We explored the notion of purpose from the viewpoint from Abrahamic Religions, Eastern Philosophies, early sciences and modern sciences in the last few blog posts in this series. Let’s now have a look at this notion from some of the Philosophical viewpoints.
An early proponent of the concept of purpose was Aristotle. His thinking of purpose tends to summarise the viewpoints of this diverse group of people. He suggests that the most basic meaning of quality of life refers to the ability of humans to formulate and implement purpose. Adoption of a good lifestyle that includes good health, social wellbeing and environmental safety or their promotion is purposeful activity (Jonsen,1976). While concepts of health, social wellbeing and environment is alluded by Aristotle, he does not talk about skills, knowledge and vocation, as echoed in some of the conversations I have had, and from my first-person knowing.
Let’s examine the question; why is it important to find our purpose? Some would say; we have lived all these years without a clear purpose or we know what it is in our mind and our life is moving on well, so why do we need a purpose? I have come across a very small percentage of people who have a clearly articulate purpose, but most of them would say; I think this is my purpose, but I am not sure if it is the right purpose. The following interactive story, titled the million dollars on the mountain, helps audiences of my workshop to start understanding the importance of a purpose;
Ranjan: Imagine a cheque for a million dollars drawn in your name on top o a mountain. Would you like to go get it?
The notion of ‘purpose’ has fascinated me, since I discovered it more than 20 years ago. I have attempted to live a purposeful life and help others to do so during my practice of helping individuals and teams live their potential. A concept in the centre of this endeavour is to help those who I am fortunate enough to interact with, discover ‘purpose’ and ‘live purposefully’. I have also chose to inquire in to the notion of purpose in my doctoral studies that I am pursuing at the moment. I invite you to read and reflect on this series of blog posts, take action that you are driven to take after reading them, reflect again on the action you take and take further action based on such reflection. I find this cycle useful and I hope it serves you too. It will also help my inquiry if you are willing to write to me about your experience.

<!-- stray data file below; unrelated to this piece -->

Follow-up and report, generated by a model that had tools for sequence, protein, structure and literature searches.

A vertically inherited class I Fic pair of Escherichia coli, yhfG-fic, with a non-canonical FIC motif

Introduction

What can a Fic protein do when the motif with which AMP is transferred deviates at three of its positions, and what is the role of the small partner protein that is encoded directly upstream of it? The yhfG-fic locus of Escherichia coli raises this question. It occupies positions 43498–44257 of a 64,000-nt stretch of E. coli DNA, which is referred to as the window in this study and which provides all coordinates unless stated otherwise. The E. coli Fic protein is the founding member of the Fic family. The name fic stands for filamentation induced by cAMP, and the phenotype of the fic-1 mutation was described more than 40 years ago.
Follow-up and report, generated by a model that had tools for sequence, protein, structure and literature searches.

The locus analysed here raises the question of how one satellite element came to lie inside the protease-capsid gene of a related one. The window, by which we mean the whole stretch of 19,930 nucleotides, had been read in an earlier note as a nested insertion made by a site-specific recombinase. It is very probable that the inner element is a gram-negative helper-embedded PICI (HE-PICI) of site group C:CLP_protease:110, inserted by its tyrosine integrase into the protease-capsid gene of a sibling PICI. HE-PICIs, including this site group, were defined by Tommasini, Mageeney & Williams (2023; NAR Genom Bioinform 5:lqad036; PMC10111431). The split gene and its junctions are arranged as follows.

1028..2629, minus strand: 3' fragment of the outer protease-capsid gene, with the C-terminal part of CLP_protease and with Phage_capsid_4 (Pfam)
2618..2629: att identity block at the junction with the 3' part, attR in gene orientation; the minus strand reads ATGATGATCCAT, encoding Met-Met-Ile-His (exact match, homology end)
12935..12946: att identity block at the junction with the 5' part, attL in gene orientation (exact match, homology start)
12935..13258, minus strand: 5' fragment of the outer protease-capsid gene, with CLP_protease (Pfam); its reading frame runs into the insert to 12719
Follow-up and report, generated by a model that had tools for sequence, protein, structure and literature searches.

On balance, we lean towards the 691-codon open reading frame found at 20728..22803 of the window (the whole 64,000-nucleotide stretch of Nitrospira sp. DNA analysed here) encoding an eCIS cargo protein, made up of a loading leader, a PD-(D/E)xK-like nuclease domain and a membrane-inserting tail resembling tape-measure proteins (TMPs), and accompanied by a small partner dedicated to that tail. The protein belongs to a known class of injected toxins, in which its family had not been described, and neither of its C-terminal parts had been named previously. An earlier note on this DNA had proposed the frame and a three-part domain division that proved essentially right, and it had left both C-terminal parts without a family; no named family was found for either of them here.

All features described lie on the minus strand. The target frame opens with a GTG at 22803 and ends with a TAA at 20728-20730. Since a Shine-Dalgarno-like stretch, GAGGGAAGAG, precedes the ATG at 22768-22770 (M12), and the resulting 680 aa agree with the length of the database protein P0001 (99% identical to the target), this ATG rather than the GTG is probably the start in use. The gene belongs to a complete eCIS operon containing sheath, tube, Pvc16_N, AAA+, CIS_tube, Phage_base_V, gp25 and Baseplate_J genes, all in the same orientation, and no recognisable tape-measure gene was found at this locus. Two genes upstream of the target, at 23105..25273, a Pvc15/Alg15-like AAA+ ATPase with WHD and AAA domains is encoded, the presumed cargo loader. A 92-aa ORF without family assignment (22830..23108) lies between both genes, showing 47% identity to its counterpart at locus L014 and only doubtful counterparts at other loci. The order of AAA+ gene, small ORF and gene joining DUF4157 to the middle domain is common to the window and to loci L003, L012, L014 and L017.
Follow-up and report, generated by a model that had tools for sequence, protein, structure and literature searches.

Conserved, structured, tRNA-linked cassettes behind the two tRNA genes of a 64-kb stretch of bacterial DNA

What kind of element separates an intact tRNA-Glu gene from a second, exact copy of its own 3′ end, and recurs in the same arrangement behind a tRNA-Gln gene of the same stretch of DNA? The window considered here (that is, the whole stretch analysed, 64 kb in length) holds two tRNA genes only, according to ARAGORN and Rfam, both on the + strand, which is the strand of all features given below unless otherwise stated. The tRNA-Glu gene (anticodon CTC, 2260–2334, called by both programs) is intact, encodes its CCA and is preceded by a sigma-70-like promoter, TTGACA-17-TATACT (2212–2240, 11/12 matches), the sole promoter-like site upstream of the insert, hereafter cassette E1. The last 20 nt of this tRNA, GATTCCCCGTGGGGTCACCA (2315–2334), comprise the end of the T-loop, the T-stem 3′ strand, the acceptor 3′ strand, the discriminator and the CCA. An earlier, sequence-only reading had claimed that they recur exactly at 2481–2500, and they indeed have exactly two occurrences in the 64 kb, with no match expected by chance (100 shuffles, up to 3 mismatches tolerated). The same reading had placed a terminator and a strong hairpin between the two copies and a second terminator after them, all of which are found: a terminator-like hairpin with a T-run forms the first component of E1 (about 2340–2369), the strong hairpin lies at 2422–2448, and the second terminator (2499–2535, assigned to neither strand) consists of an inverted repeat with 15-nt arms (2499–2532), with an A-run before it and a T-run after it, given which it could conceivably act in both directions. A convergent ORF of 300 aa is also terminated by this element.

The first of this series of blog posts is to explore the difference between a purpose and a goal? Let me take you to the second half of the first day in the ‘Mastery of Self – Through Neuro Linguistic Programming (NLP)’ playshop, where we attempt to understand the concept of purpose. We start this section by trying to clarify the difference between ‘purpose’ and ‘goal’. While there is a discussion on this question, an answer that generally comes out is; purpose is the bigger reason why we pursue various goals in our life. It is the big ‘why’ of our choices. For example, if you are attempting to get a qualification, ask your self ‘why? If you keep repeating the question ‘why’ until there is no answer remaining, that might help you understand the difference between ‘purpose’ and ‘goal’ and perhaps give a hint of your higher purpose. So lets try to find the reason for pursuing the qualification;